In the introduction of “Ordinary Equality,” Kelly reflects on her own personal journey with the ERA — from growing up in The Church of Jesus Christ of Latter-day Saints and hearing about the “bad people” supporting it, including Sonia Johnson, who was ousted from the church in 1979, to eventually being excommunicated herself after founding Ordain Women (a group seeking female ordination to the faith’s all-male priesthood), meeting Johnson and joining the fight to ratify the amendment.
Now, Kelly has teamed up with Nicole LaRue, who designed the 2017 Women’s March on Washington logo and works as the art director for Utah publisher Gibbs Smith, for the art in “Ordinary Equality.” On March 31, the two will be joined by Johnson for a discussion and book launch event at the Clubhouse in Salt Lake City.
The Salt Lake Tribune spoke with Kelly and LaRue earlier this month. The interviews have been edited for clarity and length.
“Ordinary Equality” is available March 29 and can be purchased in person at Under the Umbrella Bookstore, 511 W. 200 South, Suite 120, Salt Lake City, and online through Amazon and other retailers. The book is published by Gibbs Smith.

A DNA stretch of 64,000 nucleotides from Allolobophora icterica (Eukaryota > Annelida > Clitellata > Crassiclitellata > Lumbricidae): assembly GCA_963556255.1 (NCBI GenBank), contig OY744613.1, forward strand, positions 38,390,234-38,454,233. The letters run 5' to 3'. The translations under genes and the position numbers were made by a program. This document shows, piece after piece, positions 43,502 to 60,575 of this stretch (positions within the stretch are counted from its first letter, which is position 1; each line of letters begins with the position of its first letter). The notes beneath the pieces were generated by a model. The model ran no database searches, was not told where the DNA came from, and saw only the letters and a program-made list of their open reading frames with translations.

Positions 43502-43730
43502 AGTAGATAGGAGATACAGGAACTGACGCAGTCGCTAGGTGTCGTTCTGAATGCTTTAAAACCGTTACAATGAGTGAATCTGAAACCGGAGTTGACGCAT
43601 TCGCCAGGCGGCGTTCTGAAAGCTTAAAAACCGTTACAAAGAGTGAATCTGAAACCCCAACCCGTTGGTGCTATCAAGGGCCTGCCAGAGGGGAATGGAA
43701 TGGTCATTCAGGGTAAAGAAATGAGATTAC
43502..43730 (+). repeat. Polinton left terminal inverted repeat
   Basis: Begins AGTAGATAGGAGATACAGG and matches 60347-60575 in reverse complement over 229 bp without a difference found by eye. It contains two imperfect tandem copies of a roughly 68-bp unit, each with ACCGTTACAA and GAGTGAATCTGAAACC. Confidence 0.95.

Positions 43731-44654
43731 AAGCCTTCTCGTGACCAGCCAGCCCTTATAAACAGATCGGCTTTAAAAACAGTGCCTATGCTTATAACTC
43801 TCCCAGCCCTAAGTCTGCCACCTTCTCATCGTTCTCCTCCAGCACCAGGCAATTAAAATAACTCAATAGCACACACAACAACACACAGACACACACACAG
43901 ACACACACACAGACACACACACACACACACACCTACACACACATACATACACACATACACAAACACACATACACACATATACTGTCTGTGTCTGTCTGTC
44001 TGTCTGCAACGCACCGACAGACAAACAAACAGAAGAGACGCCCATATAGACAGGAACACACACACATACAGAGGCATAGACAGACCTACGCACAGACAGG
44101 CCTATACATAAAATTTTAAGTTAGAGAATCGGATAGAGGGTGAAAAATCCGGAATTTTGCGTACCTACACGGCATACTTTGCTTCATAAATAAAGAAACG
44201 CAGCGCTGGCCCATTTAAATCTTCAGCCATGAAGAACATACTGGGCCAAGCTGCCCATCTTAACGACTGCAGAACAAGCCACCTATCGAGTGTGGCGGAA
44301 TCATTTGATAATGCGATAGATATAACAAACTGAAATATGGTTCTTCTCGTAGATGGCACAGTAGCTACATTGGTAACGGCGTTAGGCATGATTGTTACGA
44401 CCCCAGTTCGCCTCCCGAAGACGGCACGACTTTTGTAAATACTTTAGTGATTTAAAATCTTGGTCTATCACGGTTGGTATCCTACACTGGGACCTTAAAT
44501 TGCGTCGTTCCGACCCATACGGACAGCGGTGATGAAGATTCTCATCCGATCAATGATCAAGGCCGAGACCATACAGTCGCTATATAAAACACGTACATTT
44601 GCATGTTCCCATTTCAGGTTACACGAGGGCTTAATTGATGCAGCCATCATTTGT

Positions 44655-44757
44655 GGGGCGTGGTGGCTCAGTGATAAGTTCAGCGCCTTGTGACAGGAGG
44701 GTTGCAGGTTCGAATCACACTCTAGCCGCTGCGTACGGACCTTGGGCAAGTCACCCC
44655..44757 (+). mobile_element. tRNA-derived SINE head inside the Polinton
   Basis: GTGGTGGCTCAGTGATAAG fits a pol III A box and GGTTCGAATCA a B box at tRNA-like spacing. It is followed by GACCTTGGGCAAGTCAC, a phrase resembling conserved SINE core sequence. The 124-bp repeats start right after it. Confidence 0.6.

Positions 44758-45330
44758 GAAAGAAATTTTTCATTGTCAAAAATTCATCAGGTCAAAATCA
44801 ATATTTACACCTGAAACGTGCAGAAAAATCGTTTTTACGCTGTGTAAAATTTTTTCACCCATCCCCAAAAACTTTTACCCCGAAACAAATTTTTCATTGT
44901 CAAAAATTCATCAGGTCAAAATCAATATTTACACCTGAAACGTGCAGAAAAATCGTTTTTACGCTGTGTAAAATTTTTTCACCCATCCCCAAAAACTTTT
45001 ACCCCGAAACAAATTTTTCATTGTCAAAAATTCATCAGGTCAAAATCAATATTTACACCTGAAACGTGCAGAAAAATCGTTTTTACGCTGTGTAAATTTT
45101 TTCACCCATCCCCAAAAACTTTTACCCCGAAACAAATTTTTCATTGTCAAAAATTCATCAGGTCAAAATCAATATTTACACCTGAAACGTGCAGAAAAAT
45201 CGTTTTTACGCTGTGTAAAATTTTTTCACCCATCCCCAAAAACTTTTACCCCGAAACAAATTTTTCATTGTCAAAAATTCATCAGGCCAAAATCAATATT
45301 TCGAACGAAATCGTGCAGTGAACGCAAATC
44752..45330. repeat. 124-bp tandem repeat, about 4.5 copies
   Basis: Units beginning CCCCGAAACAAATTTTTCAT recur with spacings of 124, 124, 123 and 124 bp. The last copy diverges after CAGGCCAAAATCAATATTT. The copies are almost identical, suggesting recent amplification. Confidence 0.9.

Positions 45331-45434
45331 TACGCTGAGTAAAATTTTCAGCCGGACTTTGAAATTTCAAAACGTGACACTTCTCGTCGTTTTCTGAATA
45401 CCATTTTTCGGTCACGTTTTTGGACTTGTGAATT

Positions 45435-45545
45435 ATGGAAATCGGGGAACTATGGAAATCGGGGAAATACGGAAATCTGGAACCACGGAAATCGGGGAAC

Why did you write this book? You said it stems from your podcast, of the same name.
Kelly • My entire goal with all of my work is to involve young people in the fight for the ERA. Because anyone born after 1982, when the original time limit expired, probably hasn’t ever heard of it. Or, if they have, it’s explained as a thing of the past. The point of the project is to help young people understand not only is the ERA alive today, but they also can be part of that history.
How did you two come together for the book?
LaRue • Kate reached out to me and said she had a book idea. We have similar stories. She was Mormon. I was Mormon. She’s queer. I’m queer. We’re activist women fighting for the same thing. And to be able to even put that on the book is kind of rocking. It just feels nice to highlight that aspect, to be honest.